Only myself and then later Joe had ever played in a gigging rock band. John and Zally – nothing diminishes their musical skills, but they didn’t have the experience of playing with a rhythm section. For it to come together as fast as it did, from roughly March till May [of 1965], three months of playing at the Night Owl and recording the songs that we recorded. And then make our record deal in May, and have “Do You Believe in Magic” come out in July, it was as if touched by the hand of an angel. It was like we couldn’t do anything wrong.
But the only thing that we couldn’t get right was, the record labels all wanted us to have an English accent. Everybody loved the song. Joe Smith [at Warner Brothers] – “It’s gonna be a smash hit, but your boys don’t talk with an English accent!” Which seems so bizarre, but you know, that’s the music business. The pure magic [that] brought a band together that had never played as a gigging band, except for its bass player and drummer, and be good enough to go in front of the Rose Bowl and 35,000 people and bring a crowd to its feet, in three months’ time, is almost unbelievable.
Now were we rough and ragged? Absolutely. But man, the magic was there. It was just bubbling over. From May 1965 till May 1966 was the entire history of the Lovin’ Spoonful in that form. It existed for one year, and one year only. From May 1966 on, it was like a ship with a hole in it that was slowly sinking. And as it sank, the momentum went down with it.
PKM: A lot of people don’t know about your first drummer, Jan Buchner, who had the stage name Jan Carl.
STEVE BOONE: The reason Jan didn’t work out is much more complicated than his drumming. He was six years older; he was my older brother Skip’s drummer when they came up from Florida together. Skip, because he was intense beatnik, more or less fit in. But Jan just didn’t understand what was going on with the smoking dope and all the kind of weird stuff that people shook their heads about beatniks.
So Jan wasn’t a beatnik, he wasn’t a hippie. His looks just didn’t fit in with what was considered a contemporary rocker’s look – long hair and jeans and a T-shirt. It just wasn’t Jan. Jan was raised in a very conservative, I’m pretty sure, a prosperous background. So he just didn’t fit in. And Jan was a great guy. I never saw him after that, ever again. He just completely disappeared. Skip got in contact with him once, but that was it, just one time. Without Jan [who arranged for the Spoonful to rehearse for a few weeks in winter 1964-1965 in an empty inn in Long Island, the Bull’s Head], the band may never have happened.
PKM: There’s actually a tape of the only show he played with you that was supposed to come out on CD quite a few years ago, but didn’t.
STEVE BOONE: Yeah, it was gonna be the Live at the Night Owl album. The only objection to having it come out was John’s. And I’ve never asked him what it was. John is somebody, when he says no, that’s it. He says, “I’ll say no until I say yes.”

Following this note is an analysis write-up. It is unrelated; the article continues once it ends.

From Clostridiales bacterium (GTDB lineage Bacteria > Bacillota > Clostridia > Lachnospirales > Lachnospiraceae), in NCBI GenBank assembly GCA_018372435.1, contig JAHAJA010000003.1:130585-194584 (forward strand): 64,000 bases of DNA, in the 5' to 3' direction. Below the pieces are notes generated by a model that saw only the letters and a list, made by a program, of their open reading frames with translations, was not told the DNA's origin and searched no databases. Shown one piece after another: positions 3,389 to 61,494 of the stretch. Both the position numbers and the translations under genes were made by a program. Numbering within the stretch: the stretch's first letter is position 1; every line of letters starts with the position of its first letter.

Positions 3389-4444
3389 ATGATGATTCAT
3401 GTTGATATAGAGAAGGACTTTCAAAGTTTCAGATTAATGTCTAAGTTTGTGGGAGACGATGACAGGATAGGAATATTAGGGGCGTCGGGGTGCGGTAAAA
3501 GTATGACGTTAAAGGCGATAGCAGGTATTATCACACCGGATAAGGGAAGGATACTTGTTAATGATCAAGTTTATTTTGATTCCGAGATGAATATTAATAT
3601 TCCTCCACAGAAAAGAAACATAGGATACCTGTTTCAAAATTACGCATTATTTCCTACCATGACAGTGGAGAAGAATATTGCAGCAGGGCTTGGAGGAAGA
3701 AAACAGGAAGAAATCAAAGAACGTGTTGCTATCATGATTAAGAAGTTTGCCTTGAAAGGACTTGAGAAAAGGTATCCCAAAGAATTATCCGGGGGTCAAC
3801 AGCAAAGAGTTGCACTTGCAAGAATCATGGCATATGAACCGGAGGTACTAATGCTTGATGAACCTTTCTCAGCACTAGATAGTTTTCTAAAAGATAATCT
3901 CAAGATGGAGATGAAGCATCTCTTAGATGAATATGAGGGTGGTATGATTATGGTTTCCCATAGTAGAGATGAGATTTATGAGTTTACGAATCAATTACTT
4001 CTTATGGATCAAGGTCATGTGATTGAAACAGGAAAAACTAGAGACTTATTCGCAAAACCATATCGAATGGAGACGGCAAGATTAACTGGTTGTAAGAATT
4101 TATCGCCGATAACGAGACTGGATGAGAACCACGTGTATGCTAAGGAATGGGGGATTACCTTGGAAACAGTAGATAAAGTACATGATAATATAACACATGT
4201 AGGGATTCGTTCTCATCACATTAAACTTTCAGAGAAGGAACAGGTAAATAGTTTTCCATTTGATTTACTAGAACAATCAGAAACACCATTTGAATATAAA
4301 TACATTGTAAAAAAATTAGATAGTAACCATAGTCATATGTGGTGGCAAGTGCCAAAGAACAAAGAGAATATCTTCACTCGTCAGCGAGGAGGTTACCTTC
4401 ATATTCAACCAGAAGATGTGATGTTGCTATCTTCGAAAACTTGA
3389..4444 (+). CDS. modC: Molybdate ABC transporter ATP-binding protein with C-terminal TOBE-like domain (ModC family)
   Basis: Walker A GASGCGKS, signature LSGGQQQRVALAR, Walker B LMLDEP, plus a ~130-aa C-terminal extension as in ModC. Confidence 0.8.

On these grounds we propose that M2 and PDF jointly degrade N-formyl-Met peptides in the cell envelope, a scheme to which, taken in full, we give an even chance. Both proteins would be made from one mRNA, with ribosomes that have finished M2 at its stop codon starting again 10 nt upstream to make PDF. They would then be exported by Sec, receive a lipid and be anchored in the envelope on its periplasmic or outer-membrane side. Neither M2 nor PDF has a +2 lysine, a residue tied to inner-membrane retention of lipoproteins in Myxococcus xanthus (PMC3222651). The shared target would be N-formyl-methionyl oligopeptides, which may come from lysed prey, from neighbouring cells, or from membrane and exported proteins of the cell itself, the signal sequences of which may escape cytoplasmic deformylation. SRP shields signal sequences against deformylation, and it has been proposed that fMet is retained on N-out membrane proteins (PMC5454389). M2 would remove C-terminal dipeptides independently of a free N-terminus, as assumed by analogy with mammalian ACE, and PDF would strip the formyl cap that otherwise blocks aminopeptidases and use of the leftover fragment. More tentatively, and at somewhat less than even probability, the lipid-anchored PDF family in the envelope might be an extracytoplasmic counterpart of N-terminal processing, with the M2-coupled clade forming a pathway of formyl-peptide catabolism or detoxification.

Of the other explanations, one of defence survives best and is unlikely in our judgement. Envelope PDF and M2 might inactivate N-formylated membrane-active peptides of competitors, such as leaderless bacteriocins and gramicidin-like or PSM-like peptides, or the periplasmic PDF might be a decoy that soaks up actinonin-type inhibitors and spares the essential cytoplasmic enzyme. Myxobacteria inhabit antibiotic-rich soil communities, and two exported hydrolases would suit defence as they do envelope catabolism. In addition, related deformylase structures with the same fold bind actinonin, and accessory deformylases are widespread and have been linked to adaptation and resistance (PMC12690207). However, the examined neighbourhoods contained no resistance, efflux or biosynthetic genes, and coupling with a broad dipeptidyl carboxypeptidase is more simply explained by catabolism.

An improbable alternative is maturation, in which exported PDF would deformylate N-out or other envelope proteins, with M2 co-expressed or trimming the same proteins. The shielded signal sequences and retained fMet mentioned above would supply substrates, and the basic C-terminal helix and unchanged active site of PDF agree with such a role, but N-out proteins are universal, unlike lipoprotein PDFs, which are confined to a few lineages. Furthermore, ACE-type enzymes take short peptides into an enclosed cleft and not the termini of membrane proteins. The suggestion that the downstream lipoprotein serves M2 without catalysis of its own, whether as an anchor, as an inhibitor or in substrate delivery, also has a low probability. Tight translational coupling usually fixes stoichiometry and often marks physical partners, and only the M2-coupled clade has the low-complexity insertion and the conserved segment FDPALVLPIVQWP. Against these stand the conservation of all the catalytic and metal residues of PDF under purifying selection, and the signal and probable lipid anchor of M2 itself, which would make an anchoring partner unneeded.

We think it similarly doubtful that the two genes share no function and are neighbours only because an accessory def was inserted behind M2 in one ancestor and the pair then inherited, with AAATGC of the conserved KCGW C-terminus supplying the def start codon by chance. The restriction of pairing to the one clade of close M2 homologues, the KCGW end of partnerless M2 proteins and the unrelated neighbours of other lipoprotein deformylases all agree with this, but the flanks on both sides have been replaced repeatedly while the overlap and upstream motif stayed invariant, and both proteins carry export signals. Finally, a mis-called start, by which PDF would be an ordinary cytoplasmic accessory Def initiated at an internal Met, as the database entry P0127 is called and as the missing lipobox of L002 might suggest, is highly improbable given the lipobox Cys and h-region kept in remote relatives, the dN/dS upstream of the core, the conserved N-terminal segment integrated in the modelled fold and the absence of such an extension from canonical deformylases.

PKM: I’ve heard that tape, and I’m a little surprised that the Night Owl’s owner, Joe Marra, thought it wasn’t a good show. You sound pretty good there, and though Marra was upset about the volume, it doesn’t sound too loud or imbalanced.
STEVE BOONE: What Joe didn’t like more than anything was Zally’s volume. Zally played brilliantly on that tape. Jan and I, don’t forget, we’re just coming off three years of gigging three and four nights together every week of the year out in Long Island. I was very familiar with Jan’s style of playing, so we were a tight rhythm section.
Marra’s only objection was not to what we were playing. It was just it was too frickin’ loud, and people were running out of the club with their hands over their ears. It was a small club. Zally, and John to a lesser degree, just didn’t know how to handle electric instruments. They loved them, and it was great, the enthusiasm was what made the band sound so fresh. But they just hadn’t mastered the use of electronic amplification. And we only rehearsed for ten or twelve days out at the Bull’s Head.
“For it to come together as fast as it did, from roughly March till May [of 1965], three months of playing at the Night Owl and recording the songs that we recorded. And then make our record deal in May, and have “Do You Believe in Magic” come out in July, it was as if touched by the hand of an angel.”
PKM: It’s interesting that you went to Cafe Bizarre to play for a bit before returning to the Night Owl, with Joe Butler on drums. The Cafe Bizarre’s most known as the place where the Velvet Underground played a few of their first shows, in December 1965.
STEVE BOONE: It was a strange place. I don’t know how it made any money. They couldn’t serve booze. They served drinks that were called rum and cokes, but they just had rum flavor, there was no alcohol. And peanut butter sandwiches and ice cream. You wonder, how do these places make any money? It’s just a bunch of people sitting around, and they’ll have like a folksinger or something get up there. I guess they did, ‘cause they existed.
PKM: Something that sets your book apart from many rock memoirs is that you don’t just glance over your records, or just talk about the most famous ones. You talk about virtually every track the Spoonful did.
STEVE BOONE: Absolutely. This is one of the reasons I so bonded with [co-author] Tony [Moss] is that he’s not only a music historian, he’s a music lover. One day I went down to his house and we spent the whole weekend doing nothing other than listening to every Spoonful recording ever made, and I’d just talk about it. We did that with the idea that, you know, the Spoonful disappeared without a trace, so to speak. People that were fans of the band got to hear the hits, but there’s not much known about the Lovin’ Spoonful’s back story, or the music that comprises the back story.